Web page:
Above is the JLC caliber 849. This is one of the classic ultra thin movements of the 20th century, and at 1.85 mm thick, it’s an excellent one to look at in terms of why making thin movements is so challenging. There are a number of reasons it’s harder to make a very thin watch, and make it work well, than it is to make a thicker watch. First of all, there’s the question of power. If you want a watch to run accurately, it’s essential to have adequate power fed through the gear train to the balance wheel, so that it can oscillate at a large enough amplitude (amplitude just means how much the balance swings, and is generally expressed in degrees) to maintain accuracy across the working power reserve of the watch. The amount of power you can get from a mainspring is generally dependent on the height of the spring, and of course, in an ultra thin movement there is considerably less height available. That means that the movement has to be made and assembled very carefully and precisely, in order to avoid excessive loss of power due to friction.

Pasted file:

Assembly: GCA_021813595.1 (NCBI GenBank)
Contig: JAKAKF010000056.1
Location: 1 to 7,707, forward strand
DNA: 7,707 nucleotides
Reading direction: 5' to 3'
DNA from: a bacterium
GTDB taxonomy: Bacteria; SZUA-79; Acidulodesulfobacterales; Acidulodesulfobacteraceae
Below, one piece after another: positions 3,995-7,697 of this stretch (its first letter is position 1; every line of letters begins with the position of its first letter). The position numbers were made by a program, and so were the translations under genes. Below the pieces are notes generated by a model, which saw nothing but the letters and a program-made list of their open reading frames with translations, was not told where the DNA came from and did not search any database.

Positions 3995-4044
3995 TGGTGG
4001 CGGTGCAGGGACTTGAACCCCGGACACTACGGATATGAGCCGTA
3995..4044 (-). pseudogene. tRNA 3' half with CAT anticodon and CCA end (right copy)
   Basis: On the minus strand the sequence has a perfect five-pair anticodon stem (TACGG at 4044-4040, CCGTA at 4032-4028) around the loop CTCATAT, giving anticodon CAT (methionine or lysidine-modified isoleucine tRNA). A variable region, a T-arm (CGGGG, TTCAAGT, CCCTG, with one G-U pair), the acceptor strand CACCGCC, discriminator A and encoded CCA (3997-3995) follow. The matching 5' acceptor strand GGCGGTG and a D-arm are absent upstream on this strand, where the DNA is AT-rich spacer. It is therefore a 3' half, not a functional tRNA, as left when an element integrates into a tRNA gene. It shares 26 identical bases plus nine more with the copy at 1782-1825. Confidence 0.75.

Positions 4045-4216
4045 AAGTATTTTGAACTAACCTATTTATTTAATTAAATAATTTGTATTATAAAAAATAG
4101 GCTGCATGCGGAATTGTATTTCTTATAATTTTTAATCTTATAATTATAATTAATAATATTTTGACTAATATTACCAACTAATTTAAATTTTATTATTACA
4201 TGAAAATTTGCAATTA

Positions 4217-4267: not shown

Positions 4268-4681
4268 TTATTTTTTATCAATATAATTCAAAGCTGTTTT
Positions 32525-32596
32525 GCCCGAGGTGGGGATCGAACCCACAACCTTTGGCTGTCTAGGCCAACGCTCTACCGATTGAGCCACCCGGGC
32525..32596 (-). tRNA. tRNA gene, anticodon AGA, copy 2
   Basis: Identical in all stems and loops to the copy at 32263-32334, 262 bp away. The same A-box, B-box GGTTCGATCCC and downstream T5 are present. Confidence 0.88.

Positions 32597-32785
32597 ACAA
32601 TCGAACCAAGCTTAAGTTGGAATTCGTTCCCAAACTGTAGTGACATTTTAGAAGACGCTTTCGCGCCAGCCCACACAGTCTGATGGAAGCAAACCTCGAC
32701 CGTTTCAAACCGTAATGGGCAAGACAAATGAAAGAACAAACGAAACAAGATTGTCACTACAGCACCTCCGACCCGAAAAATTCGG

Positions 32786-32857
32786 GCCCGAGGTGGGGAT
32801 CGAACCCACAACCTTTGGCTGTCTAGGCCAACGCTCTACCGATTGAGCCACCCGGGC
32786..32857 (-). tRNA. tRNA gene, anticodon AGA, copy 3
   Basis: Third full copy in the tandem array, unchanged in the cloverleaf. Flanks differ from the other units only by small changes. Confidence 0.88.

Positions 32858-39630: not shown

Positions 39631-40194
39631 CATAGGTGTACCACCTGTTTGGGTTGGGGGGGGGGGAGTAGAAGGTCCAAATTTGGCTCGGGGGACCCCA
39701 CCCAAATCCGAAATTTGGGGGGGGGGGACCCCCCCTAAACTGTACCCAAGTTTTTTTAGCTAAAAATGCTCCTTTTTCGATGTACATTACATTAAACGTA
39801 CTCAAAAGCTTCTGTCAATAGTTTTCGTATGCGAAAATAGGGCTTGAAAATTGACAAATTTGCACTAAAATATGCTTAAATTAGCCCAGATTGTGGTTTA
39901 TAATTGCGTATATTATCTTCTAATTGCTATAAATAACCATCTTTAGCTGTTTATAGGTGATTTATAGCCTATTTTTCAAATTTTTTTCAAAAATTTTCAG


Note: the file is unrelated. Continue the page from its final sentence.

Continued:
Another reason it’s challenging to make a very thin movement is that as a rule, you have to make significant changes in movement architecture. As an example, in most watch movements, the mainspring barrel has two pivots – one running in a bearing in the mainplate, and the other in a bearing in the barrel bridge. The JLC caliber 849 has what’s called a “hanging” barrel (which was originally invented by Lépine, who you’ll remember from Part 1 of this story). A hanging mainspring barrel has no upper bridge; instead, it runs only in one pivot: the one in the mainplate. The construction is inherently less stable and again, requires a lot of care in manufacturing and design to work well, but getting rid of the upper barrel bridge saves precious millimeters and is essential, in the 849, in bringing in the height at under 2 mm.